Spirituality 101

Here’s a key for sound spiritual health: give God thanks in everything. Always. Tell him you recognize how good and faithful he is. Even in hard times.

This invitation is striking—a real reach. Yet it’s also biblical, a pathway of faith, and a sign of Christ’s presence in us. Jesus, by his Spirit, works in changing hearts, so it’s not something we need to work up ourselves. Instead he draws us into it.

Let’s chase this. Profound thanksgiving runs against common sense, so it’s readily marginalized or dismissed. Human instinct is to save thanksgiving for good times—for receiving gifts or special kindnesses. It’s a tit-for-tat in our being nice to each other, and not a natural impulse if we’ve been deeply hurt or disappointed.

So, what does genuine thanksgiving represent? Try this: it reflects our complete confidence in Jesus. That he works all things for good among those of us who love him. It also presumes we know Christ’s axiom, that “what is exalted among men is an abomination in the sight of God” [Lk 16:15]. Giving thanks, in other words, isn’t a pathway to happy outcomes. Instead it faces the persistent friction of trusting Jesus in today’s upside-down world.

Paul presented thanksgiving as the main feature of faith in sharp contrast to Adam’s fallen values. “For although they knew God, they did not honor him as God or give thanks to him, but they became futile in their thinking, and their foolish hearts were darkened” [Ro 1:21]. It is in contrast to Adam’s folly that believers live by seeing God as truly God. And this emerges in our genuine, reflective thanksgiving. It represents an ultimate contrast of worldviews.

As just implied, when Paul spoke of “futile thinking” he certainly had Adam’s original fall in view. Augustine followed him in this by taking sin to be human pride, with souls “curved in on self.” This was first seen in Genesis chapter three where naked shame was the first sign of sin. As God approached Adam, the man tried to hide. So God asked, “Who told you that you were naked? Have you eaten of the tree of which I commanded you not to eat?” [3:11]. Narcissistic self-awareness was born.

As context, the Bible pictures Adam and Eve as communing beings and not as individuals—made “one” through union with the Son by his Spirit. But the Spirit was grieved and driven away by the fall, and with that the original creation bond of mutual love and selfless devotion was gone. Each soul—Adam’s, Eve’s, and their progeny—then emerged as “curved in” on self after Eden. As spiritual balloons with no pneuma.

Only the Spirit’s presence repairs and refills this collapsed condition as he pours out God’s love in souls. Without this every soul instinctively worships the creation rather than the creator: “… they exchanged the truth about God for a lie [lit.: “the Lie”] and worshiped and served the creature rather than the Creator, who is blessed forever!” [Ro. 1:25]. Human desires for this world replace an original hunger for God and his communion.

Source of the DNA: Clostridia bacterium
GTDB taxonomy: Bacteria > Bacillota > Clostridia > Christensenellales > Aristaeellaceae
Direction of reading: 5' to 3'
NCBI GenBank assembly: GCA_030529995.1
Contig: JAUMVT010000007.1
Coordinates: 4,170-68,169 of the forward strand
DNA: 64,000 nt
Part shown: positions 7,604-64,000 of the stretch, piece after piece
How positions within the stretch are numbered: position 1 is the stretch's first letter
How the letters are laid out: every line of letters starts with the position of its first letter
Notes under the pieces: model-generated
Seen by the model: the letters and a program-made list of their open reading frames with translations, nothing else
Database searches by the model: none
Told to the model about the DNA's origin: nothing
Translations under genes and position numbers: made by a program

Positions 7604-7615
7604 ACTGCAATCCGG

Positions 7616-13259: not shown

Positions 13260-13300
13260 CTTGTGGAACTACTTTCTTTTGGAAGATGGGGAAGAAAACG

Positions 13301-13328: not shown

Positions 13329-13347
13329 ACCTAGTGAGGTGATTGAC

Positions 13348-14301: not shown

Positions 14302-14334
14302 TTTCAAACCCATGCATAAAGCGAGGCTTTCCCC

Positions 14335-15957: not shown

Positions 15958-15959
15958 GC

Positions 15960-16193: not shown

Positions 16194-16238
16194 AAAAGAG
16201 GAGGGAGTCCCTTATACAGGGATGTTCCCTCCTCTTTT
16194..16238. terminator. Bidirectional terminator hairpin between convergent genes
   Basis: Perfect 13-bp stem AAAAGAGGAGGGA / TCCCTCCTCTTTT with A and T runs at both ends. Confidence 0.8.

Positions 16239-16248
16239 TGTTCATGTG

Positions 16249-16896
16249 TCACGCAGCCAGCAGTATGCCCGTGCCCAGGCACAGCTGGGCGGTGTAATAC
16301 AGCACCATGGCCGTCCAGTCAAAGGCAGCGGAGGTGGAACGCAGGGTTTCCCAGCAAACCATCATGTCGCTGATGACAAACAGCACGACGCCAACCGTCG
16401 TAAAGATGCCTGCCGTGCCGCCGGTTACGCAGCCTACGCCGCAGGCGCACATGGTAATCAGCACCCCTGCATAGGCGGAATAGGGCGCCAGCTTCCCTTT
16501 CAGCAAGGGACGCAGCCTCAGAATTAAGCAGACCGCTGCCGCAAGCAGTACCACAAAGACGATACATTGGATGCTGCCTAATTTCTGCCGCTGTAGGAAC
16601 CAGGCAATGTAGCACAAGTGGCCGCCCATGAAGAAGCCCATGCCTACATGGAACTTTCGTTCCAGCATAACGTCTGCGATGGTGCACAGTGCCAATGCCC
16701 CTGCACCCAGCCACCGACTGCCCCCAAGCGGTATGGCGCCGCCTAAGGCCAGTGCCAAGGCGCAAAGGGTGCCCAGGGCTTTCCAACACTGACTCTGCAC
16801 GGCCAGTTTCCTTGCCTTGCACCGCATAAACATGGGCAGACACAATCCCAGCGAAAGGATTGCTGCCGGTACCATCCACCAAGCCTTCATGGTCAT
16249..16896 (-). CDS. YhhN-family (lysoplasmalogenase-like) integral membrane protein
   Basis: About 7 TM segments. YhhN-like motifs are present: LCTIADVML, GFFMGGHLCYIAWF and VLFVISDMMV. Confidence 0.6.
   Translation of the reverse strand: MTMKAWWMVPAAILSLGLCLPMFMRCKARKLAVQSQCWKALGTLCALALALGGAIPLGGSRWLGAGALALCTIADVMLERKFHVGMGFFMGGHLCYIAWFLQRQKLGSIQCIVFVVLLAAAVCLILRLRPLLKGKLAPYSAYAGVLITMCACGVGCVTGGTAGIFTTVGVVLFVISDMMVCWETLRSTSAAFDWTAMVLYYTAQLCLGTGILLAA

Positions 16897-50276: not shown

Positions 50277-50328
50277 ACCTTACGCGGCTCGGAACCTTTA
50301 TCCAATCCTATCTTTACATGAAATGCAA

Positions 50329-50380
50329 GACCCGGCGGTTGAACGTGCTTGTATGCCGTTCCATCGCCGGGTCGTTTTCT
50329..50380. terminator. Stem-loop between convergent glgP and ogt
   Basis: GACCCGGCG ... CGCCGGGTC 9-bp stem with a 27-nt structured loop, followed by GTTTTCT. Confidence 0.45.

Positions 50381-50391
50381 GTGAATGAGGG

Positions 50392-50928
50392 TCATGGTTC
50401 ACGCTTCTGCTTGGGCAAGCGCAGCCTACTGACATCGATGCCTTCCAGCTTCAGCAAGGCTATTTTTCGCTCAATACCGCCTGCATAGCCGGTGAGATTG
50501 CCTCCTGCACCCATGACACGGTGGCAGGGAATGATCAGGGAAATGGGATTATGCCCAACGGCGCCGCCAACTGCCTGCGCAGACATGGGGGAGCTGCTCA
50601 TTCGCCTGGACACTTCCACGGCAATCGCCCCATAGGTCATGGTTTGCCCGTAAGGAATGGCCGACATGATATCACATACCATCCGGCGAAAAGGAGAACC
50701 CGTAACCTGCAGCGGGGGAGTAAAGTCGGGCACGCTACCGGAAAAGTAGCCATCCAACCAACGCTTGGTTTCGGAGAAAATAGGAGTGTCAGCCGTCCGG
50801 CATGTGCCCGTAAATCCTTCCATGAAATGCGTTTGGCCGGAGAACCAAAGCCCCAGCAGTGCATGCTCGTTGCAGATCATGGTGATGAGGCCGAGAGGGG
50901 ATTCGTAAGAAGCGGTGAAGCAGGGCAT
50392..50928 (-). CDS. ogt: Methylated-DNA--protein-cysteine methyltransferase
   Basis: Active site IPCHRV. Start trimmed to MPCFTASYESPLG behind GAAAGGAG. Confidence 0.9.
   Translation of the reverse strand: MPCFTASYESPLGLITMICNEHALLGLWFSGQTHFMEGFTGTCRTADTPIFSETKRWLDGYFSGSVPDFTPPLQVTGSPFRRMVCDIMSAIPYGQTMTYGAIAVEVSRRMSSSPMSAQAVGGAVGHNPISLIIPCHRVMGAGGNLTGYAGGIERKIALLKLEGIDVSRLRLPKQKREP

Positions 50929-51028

The “futility” of sin, then, is an instinct to look for success in this world, either with or without God. And for the former, for those who treat God as a divine resource who lives in the confines of contractual relations and mutual obligations, his role is to ensure a life with happy answers to self-concerned prayers. This version represents the form of religion and lacks any power.

Paul, by contrast, restated the call to be thankful in 1 Thessalonians 5:16-19. “Rejoice always, pray without ceasing, give thanks in all circumstances; for this is the will of God in Christ Jesus for you. Do not quench the Spirit.” Thanksgiving is the bedrock reality of knowing God. “In all circumstances.”

Paul’s context for such teaching was his spiritual insight that everyone “once lived” under the rule of the devil [Eph. 2:1-3]. And John agreed, “… we are from God, and the whole world lies in the power of the evil one” [1 Jn 5:19]. A believer’s spiritual awakening comes into play here. As we move into the new life of regeneration a new ambition forms. There is a felt freedom from darkness and a joy in having new light. Jesus still heals the blind and gives new sight today, just as in the past.

This also brings new ambitions. Having been made by Jesus we instinctively hunger to know how to live out our new life with him: “For we are his workmanship, created in Christ Jesus for good works, which God prepared beforehand, that we should walk in them” [Eph. 2:10].

Thanksgiving, then, is the instinctive exercise of a soul free from sin, death, and blindness. It explains Paul’s upside-down delight, “I have been crucified with Christ. It is no longer I who live, but Christ who lives in me. And the life I now live in the flesh I live by faith in the Son of God, who loved me and gave himself for me” [Gal. 2:20].

Believers recognize that true thanksgiving leaves behind the trite tit-for-tat values of the world. Instead we see every hardship as an exercise in our new life: of seeing God’s constant providence at work. We know God is with us even in the loss of someone we love. Or in unfair treatment. We aren’t obliged to give thanks “for” a profound loss, but to give thanks “in” that moment. We recognize the spiritual weight-lifting exercises that, in Paul’s words, are “preparing us for an eternal weight of glory beyond all comparison…” [2 Cor. 4:18].

So, a basic lesson in faith is this: always be thankful. Because Jesus is with you, faithfully holding you in his compassionate arms. And, thankfully, everything will eventually make sense.

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